Emma Beeby has written various different kinds of projects including speeches, film, games, horoscopes, and audioplays. She wrote Risen 2: Dark Waters, a game that was nominated for a Writers Guild Award, as well as a Doctor Who audioplay. Her comics work includes Judge Dredd, making her the first female writer in the character's history.
Judge Dredd: Mega City Two, in which Douglas Wolk and Ulises Farinas are chronicling the stone-faced lawman's trip out west to the City of Courts that used to be Los Angeles, has already been one of the most fun comics on the stands in just the first issue. Next week's installment, however, takes it to an entirely new, entirely ridiculous level, as Dredd hits the beach for "Beach Blanket Justice" and ends up encountering a giant mutated atomic shrimp that's going to seriously damage tourism. And that's just on page two -- and it's the least of Dredd's problems with post-nuclear California.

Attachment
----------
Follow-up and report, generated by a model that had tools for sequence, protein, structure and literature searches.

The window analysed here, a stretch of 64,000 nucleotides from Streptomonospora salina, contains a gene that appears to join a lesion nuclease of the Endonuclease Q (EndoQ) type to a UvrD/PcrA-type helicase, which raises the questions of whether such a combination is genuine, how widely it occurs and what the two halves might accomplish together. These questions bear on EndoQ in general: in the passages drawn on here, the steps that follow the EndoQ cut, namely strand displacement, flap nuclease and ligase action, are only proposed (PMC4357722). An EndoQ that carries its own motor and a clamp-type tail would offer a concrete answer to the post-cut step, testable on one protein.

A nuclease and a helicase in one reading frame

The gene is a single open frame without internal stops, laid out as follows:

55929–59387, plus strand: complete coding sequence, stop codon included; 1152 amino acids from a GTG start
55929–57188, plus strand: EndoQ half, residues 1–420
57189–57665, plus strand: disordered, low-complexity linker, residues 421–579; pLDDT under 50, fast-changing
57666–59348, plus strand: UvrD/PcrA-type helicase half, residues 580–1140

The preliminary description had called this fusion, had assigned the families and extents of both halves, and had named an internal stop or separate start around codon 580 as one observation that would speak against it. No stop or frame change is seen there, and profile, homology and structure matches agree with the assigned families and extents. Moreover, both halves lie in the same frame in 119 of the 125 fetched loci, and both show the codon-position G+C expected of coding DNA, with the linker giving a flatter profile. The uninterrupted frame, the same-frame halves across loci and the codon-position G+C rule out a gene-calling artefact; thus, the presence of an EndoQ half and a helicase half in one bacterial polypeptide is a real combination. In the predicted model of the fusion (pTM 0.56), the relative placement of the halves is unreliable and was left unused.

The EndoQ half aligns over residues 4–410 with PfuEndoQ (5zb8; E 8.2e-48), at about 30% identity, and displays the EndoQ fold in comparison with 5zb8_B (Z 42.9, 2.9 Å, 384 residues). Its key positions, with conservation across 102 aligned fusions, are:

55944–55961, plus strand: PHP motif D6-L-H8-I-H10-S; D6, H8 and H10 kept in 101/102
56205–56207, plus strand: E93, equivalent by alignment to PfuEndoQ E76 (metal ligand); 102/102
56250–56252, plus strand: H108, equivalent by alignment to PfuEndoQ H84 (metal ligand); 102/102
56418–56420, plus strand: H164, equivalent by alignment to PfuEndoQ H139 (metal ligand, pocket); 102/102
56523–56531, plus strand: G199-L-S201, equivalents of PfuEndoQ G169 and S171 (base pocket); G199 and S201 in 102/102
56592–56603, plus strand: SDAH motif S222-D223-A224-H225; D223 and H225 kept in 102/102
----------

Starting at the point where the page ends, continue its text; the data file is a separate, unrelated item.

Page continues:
And if that wasn't enough to get you excited? There is a pretty amazing joke about LA-based plagiarist Shia LaBeouf some guy in here. Check out a preview and watch for it below!
Since its launch in 2012, IDW's Judge Dredd series has served as a great introduction to the character for new readers, while also expanding on the story of Mega-City One's most notable protector in a way longtime readers can enjoy. That can be a difficult balance to maintain, but creators Duane Swierczynski and Nelson Daniel have been up to the task so far, with new stories in the universe of what writer Swierczynski recently described to ComicsAlliance as "the ultimate police procedural."
And the creative team isn't done yet. Far from it, in fact. The upcoming story may be their most ambitious yet, as the two are set to reintroduce the Dark Judges into their series. Further, in addition to Judge Death, Mortis, Fire and Fear, the duo are introducing new Dark Judges in next month's Judge Dredd #17.
One such character is the as-yet-unrevealed Judge Burroughs. IDW has provided ComicsAlliance with a first look at the new Dredd antagonist, which you can check out below.